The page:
The Assad regime launched the third front in its autumn offensive, with Syria’s military attacking insurgents in the Qalamoun mountains between Damascus and the Lebanese border.
Assad’s forces have stepped up assaults south of Damascus and east of Aleppo in the past two months, with notable successes in both cases. However, the biggest challenges lay ahead — insurgents still hold key suburbs of the capital and are entrenched in Aleppo after 16 months. Qalamoun may also prove difficult ground for victory, as local opposition fighters know the terrain and have been co-ordinating defenses in anticipation of the regime’s autumn campaign.
The Qalamoun offensive added yet more refugees to the growing humanitarian crisis, with more than 1000 residents fleeing into Lebanon.
Both sides suffered notable losses in the week: several opposition commanders were killed or wounded by a regime airstrike in Aleppo, with Liwa al-Tawhid head Abdul Qadir al-Saleh dying of his injuries. Insurgents detonated a bomb under an Army administrative building in Harasta near Damascus (see Featured Photo), claiming the death of four generals amid 31 killed.
On the political front, the show of discussions for the oft-delayed, never-held “peace” conference continued. The latest effort began on Monday with Moscow hosting Syrian and Iranian delegations.
Unless the Syrian military can achieve quick results, it may face the enemy of time with winter approaching. While its recent victories are not to be dismissed — particularly the capture of as-Safira near Aleppo and the taking of several towns south of Damascus — they do not constitute a breakthrough. The initial reports from Qalamoun, mainly of bombardment of the town of Qarah, do not point to a significant advance and occupation of territory by Assad’s forces.
The latest political talks are for show, notably of Russian and Iranian support for the Assad regime, and offer little prospect of an international conference.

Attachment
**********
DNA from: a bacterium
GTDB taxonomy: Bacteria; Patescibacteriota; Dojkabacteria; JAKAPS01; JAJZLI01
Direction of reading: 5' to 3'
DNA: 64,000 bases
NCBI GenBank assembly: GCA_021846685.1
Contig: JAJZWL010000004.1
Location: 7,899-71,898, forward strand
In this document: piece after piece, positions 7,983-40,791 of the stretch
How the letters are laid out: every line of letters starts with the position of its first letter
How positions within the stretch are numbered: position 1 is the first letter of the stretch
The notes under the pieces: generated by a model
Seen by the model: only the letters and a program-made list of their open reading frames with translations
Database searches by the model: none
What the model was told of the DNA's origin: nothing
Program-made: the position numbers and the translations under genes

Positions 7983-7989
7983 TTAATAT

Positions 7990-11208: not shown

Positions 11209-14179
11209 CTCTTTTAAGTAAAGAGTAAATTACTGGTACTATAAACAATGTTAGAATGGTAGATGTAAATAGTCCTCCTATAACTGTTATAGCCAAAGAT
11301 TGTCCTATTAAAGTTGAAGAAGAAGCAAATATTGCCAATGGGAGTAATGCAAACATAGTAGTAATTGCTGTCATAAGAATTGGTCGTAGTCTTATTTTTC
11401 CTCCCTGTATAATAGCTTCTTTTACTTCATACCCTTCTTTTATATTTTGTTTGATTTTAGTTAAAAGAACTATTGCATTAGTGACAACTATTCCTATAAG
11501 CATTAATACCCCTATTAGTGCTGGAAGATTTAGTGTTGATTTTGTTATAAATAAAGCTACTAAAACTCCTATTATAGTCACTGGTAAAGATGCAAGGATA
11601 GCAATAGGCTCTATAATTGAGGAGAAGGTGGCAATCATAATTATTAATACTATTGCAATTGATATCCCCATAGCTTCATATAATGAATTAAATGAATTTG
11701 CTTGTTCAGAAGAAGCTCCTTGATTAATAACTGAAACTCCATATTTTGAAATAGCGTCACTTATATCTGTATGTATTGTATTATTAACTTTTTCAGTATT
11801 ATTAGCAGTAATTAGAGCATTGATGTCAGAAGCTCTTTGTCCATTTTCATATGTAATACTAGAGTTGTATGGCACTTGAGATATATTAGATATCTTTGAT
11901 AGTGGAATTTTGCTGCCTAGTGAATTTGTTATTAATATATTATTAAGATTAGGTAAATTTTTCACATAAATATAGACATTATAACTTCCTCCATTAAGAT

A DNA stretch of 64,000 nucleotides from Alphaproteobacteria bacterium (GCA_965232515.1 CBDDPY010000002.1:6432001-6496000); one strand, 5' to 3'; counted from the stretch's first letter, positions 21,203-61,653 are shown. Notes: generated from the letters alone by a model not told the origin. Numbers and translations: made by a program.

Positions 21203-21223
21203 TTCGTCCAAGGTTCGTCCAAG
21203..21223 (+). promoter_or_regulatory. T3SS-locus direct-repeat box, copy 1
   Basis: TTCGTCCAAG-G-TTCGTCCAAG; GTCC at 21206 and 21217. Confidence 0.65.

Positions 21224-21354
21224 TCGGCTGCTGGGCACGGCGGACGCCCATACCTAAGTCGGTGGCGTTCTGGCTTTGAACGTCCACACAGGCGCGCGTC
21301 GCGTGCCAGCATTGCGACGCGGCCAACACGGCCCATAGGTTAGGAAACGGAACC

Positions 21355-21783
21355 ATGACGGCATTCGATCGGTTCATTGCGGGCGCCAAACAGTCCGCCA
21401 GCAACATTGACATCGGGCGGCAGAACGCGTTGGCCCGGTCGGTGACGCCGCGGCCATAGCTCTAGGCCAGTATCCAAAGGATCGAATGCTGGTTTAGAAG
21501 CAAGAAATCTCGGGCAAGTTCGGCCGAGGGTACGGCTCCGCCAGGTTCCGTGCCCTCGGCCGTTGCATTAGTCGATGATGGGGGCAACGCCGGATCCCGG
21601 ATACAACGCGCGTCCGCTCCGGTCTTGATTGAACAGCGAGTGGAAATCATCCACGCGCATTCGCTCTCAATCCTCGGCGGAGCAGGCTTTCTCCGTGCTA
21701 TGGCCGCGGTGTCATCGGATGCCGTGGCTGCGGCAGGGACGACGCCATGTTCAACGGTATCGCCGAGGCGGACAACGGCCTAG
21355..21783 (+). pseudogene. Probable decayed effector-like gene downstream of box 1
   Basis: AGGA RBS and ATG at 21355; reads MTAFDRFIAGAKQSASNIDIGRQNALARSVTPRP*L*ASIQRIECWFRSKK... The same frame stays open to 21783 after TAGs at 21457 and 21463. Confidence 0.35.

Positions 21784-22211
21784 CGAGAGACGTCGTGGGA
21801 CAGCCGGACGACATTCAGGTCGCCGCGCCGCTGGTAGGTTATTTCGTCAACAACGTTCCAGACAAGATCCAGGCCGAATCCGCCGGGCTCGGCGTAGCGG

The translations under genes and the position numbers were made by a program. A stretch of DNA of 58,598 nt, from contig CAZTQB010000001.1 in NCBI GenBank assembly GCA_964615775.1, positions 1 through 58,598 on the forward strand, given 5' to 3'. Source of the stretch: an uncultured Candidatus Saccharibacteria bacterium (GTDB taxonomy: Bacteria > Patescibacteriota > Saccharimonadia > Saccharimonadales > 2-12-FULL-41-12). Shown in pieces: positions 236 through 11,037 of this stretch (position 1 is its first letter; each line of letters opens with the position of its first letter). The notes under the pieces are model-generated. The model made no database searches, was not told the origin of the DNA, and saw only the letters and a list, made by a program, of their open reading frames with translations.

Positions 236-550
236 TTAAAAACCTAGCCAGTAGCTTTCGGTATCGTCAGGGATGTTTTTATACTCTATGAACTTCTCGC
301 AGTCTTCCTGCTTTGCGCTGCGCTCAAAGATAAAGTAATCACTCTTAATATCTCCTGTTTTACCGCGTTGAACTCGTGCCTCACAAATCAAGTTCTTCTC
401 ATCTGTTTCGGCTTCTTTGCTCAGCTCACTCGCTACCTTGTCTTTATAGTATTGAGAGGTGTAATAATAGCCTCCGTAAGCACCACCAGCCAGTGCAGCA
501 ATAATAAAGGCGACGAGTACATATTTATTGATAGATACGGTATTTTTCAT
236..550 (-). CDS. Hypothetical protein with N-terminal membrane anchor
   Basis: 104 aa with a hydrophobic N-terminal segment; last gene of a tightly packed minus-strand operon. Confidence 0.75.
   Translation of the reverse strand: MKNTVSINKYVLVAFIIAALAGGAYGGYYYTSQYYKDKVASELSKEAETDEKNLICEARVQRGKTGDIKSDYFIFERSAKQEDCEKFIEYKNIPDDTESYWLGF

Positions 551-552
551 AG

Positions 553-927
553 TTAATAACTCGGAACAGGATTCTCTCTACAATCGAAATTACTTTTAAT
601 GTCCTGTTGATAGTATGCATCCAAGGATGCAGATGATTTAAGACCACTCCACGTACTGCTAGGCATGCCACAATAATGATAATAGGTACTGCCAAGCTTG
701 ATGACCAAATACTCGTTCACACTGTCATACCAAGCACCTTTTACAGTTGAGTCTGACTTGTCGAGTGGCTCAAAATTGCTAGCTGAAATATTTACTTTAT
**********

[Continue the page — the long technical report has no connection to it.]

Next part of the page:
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The nuclear talks continue to dominate Iranian news, with Tehran and the 5+1 Powers re-convening in Geneva this week in another attempt to reach an interim deal.
Signals have been mixed. Both a senior Obama Administration official and Russian Foreign Minister Sergei Lavrov spoke of a “very good chance” of an agreement.
However, French President Francois Hollande’s trip to Israel put up a challenge: Hollande set four conditions for any deal, and US officials — 48 hours after the hopeful statement from the White House — told the Israeli press that Iran would have to cap its low-level uranium enrichment as well as production of 20% fuel.
Iran has also put out a combination of hopeful and cautious messages. Foreign Minister Mohammad Javad Zarif indicated that Tehran may not require a public recognition of its right to enrichment in an agreement — even though in practice the deal will allow this — but President Rouhani warned against “excessive demands” by the 5+1 Powers.
In another twist on Monday, US Secretary of State John Kerry postponed a Friday visit to West Jerusalem, averting any appearance with Israeli Prime Minister Benjamin Netanyahu while the Geneva talks were in progress.
The balance of signals is still positive for the nuclear talks. Iran’s step-back from a public recognition of its right to enrich meetings meet one of the two obstacles thrown up by France 10 days ago in Geneva.
The question of the Arak heavy-water reactor remains. Paris is insisting that construction is suspended, because it says the natural by-product of plutonium could be put to military use, and Iran resisting any halt. A possible compromise in Geneva may be an inspection regime to monitor the development of the plant, which is scheduled for operation in late 2014.
Recurrent violence between militias flared on Friday, with at least 43 people killed when a Misrata militia fired on protesters demanding that it leave a Tripoli neighborhood.
The clashes eased on Saturday, but raised a further question over whether the Zeidan Government could establish effective security and a national force to meet the challenge of the militias.
In a meeting with significance both for Turkey’s negotiations with its Kurdish groups and with Ankara’s foreign policy in Iraq and Syria, Turkish Prime Minister Recep Tayyip Erdogan met the head of the Iraqi Kurdish Regional Government, Massoud Barzani.
Both sides criticized the recent announcement by the Syrian Kurdish movement PYD of steps towards an autonomous Syrian Kurdistan.
As Moscow issued amended legislation to punish Russians fighting abroad, including in Syria, a former advisor to Vladimir Putin pressed a “new national identity” — harking back to the 19th-century Slavophile movement — to unite the peoples of the Russian Federation.